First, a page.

Have you guys done a budget together? The easiest thing to do is to show your Fiance visually what would happen if he puts money into savings and having a reason for savings (for example: you might come up with a budget for Christmas gifts and then put a little away each month so you suddenly have $600 or whatever). Another thing is to ask him what you guys would do if he suddenly could not work. It took a little while for me to convince Fiance that we should aim to be debt free completely. You really cannot force someone to save or change their habits. I think that you guys need to really work through your financial differences because it’s the top reason for divorce … Good luck
Post # 21
You may think its both of your money but he’s making no efforts to save it so you have a financial safety net AND money to pay for your wedding. He makes no effort to save anything and spends wildly when he relapses.. There’s nothing ‘our’ about that.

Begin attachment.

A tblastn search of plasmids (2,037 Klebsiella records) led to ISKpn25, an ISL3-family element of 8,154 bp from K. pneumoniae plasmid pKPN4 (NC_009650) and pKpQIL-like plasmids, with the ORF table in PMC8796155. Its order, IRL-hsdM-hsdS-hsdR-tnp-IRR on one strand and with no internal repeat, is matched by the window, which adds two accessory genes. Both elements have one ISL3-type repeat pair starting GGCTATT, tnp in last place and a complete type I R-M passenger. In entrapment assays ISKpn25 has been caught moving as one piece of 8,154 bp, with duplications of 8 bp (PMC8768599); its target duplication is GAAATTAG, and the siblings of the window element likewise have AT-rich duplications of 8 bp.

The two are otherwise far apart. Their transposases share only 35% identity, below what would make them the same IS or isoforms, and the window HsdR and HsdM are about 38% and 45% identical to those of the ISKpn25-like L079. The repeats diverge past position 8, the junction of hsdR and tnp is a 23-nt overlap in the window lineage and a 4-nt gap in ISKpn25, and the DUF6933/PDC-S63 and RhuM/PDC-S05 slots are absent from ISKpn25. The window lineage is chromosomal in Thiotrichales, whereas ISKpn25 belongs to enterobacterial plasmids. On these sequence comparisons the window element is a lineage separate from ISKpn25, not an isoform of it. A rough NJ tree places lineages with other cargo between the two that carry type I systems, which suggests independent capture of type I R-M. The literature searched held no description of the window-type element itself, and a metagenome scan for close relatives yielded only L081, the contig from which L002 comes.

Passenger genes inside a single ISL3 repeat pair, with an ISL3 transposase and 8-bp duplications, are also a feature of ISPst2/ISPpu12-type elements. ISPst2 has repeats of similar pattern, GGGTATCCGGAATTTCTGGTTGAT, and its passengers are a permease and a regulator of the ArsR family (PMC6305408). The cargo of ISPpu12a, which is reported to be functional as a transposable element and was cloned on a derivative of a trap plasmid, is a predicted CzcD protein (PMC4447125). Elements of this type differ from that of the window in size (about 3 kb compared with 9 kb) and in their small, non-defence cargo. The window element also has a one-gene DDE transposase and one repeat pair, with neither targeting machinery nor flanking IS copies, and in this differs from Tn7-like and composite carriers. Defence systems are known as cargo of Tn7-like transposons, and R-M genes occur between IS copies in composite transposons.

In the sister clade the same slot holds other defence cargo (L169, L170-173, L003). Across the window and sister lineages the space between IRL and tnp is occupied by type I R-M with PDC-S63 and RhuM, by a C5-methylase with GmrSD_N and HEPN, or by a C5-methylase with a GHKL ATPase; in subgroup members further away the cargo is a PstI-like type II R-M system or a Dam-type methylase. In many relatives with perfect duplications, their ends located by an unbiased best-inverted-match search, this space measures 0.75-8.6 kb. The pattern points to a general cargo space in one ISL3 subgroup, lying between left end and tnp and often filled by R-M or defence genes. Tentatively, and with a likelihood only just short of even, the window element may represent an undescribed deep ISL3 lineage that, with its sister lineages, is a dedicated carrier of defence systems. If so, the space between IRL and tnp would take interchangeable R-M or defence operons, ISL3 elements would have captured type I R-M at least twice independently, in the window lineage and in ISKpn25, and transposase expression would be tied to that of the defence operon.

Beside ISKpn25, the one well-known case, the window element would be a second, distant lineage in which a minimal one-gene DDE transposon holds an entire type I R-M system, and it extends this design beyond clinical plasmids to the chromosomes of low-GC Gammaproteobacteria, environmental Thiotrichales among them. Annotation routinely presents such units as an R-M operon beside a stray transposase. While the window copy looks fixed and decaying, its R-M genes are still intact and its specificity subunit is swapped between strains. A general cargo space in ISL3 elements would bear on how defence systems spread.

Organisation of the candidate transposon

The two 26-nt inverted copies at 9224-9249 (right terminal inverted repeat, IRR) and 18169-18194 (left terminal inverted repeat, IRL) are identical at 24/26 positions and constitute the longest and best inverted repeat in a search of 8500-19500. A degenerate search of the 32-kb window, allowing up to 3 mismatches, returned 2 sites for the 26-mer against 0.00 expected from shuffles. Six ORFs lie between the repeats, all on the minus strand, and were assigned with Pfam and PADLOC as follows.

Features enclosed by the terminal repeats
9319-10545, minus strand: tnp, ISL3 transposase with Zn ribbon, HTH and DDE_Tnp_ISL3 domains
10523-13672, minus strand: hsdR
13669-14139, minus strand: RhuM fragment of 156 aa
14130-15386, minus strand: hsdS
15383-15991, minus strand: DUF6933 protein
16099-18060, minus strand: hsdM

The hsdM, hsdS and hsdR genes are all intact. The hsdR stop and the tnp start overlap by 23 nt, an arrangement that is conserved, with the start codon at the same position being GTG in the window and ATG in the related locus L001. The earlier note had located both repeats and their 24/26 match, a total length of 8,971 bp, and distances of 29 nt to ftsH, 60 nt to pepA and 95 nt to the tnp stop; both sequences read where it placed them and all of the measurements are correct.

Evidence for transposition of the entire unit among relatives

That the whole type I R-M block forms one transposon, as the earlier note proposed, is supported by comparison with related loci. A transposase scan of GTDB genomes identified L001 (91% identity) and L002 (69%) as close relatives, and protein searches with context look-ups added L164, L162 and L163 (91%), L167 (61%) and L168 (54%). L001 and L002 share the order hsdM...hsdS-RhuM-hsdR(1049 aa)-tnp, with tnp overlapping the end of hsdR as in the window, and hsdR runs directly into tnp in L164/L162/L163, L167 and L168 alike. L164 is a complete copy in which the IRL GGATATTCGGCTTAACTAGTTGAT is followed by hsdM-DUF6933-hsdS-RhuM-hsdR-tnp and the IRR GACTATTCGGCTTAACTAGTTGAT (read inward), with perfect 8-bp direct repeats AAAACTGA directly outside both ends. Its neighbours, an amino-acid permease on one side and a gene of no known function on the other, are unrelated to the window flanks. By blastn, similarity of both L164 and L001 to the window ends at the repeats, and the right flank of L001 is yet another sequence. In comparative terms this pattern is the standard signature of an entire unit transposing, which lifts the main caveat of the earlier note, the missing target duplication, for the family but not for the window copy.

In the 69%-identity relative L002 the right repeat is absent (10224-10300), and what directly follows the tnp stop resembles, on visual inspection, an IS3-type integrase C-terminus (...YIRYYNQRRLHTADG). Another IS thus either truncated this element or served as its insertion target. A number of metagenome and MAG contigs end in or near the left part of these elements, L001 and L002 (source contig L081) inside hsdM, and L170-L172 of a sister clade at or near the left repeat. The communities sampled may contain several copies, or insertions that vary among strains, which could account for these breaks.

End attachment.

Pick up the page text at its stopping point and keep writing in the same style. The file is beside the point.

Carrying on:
Since he’s relapsed twice in the last couple of months, and is dishonest and irresponsible about money.. I would consider post poning these nuptuals. You say you’ve dealt with addicts all of your life, that may be fine for you.. But why would you want your daughter to grow up around someone who does not take their sobriety seriously?
Post # 22
I say this respectfully because I like your posts:
I would not be worried about a wedding. I would be worried about him getting help for many of his issues and relapses.
I would also worry about having my own finances/job. I need my own funds (cash not credit) and not to tell someone how to save that should know how to do it on their own as an adult. I see many people with issues at my job that make well over 6 figures lose their jobs and have nothing.
Post # 23